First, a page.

An environmental group says it plans to soon sue utility provider Ameren over what it calls repeated violations of federal air pollution standards.
The Sierra Club told Ameren Corp. it plans legal action in the next 60 days over what the group says are nearly 10,000 violations of the Clean Air Act since 2008 at coal-fired power plants in St. Louis, Jefferson and Franklin counties
The alleged violations involve the amount of soot released from smokestacks at the Meramec, Labadie and Rush Island plants.
The Curators of the University of Missouri received a $1.8 million federal grant that will support research related to the production of small nuclear reactors (SMRs) at Ameren’s Callaway County plant in Fulton. The money came from a project called Make it in America Challenge, an initiative to create new jobs and encourage business in America.
Ameren Missouri customers can expect to see a slightly lower bill after state regulators determined the utility owes its electric customers slightly more than $26 million for failing to include some revenue in its calculations.
The Missouri Public Service Commission approved an order Wednesday for the St. Louis-based company to refund the money to customers. But Ameren Missouri won't be sending out checks. Instead, the $26.3 million will be applied by adjusting a fuel charge that customers otherwise would pay.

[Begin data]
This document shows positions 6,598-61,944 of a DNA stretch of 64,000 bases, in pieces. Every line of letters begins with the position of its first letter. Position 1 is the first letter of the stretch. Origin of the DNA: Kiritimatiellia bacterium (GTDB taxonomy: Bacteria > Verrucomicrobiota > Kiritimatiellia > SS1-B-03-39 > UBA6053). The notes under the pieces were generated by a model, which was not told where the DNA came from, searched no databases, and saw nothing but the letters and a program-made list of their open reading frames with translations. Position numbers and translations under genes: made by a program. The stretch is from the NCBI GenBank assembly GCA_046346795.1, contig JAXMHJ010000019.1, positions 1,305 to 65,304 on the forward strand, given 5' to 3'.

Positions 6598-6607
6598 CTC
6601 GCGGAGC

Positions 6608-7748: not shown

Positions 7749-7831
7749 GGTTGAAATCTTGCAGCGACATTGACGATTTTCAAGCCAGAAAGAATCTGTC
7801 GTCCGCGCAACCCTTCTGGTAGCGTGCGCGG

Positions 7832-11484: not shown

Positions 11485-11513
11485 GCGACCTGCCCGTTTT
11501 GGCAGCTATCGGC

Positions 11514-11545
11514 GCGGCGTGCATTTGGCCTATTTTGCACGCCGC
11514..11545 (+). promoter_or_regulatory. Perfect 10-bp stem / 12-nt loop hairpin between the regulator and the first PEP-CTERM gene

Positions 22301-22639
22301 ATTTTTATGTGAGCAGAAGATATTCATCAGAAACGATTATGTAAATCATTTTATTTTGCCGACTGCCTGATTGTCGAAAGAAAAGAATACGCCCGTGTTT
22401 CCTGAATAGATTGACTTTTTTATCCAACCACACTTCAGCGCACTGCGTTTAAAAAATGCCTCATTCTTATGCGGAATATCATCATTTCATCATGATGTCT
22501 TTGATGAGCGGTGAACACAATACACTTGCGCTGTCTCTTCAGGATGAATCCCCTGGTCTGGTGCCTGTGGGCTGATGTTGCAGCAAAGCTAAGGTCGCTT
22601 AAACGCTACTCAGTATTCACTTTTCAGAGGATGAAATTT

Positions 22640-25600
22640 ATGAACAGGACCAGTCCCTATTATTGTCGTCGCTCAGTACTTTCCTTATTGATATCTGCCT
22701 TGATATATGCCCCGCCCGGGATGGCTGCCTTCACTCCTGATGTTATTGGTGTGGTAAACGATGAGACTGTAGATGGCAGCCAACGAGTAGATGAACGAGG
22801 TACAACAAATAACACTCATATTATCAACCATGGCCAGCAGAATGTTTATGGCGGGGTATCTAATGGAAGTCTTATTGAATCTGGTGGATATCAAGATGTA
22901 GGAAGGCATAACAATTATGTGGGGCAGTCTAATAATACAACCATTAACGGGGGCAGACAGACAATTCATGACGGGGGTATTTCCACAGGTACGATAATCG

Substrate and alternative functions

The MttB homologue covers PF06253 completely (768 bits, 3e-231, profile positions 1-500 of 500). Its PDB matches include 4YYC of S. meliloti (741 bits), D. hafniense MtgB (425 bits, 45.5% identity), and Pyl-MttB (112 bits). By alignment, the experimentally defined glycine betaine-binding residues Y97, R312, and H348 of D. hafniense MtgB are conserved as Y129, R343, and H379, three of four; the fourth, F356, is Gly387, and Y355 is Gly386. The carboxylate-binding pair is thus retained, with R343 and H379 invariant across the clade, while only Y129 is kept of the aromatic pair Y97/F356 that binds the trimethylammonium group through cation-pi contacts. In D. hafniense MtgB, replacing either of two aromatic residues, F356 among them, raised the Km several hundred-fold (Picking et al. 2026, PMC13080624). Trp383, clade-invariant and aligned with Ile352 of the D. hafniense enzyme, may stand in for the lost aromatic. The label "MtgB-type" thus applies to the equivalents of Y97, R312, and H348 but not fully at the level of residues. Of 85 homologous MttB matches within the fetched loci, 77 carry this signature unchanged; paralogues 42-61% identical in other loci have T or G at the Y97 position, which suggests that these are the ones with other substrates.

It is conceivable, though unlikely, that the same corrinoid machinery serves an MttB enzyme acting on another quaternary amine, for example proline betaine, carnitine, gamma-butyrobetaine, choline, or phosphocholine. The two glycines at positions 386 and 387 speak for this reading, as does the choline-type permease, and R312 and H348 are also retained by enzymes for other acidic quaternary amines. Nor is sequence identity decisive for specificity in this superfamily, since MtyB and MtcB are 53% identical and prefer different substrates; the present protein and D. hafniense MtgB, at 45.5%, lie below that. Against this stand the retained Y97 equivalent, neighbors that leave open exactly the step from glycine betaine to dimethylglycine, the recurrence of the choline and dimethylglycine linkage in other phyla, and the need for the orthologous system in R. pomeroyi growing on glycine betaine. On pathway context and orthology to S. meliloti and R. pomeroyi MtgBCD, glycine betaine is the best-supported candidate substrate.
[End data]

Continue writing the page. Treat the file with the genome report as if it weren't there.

The Callaway Energy Center just outside Fulton is back in service this week after a routine shutdown for refueling and maintenance. The plant was out of commission for 50 days while several new modifications were made in addition to normal inspections and tests.
Barry Cox, the senior director of nuclear operations for the plant, says the improvements mean it will take a few days for the plant to get back to full capacity.
The two companies have teamed up to pursue up to $452 million from Washington to build up to five Small Modular Reactors, or SMR’s, at Ameren’s Callaway County plant. Joseph Zwetolitz is President of the Americas division of Westinghouse. He says SMR’s would be safer than the traditional nuclear reactor.
“This reactor is almost entirely underground, which provides an additional level of safety, with regards to potential postulated accidents, deliberate attacks, tornadoes, those kind of things," Zwetolitz said.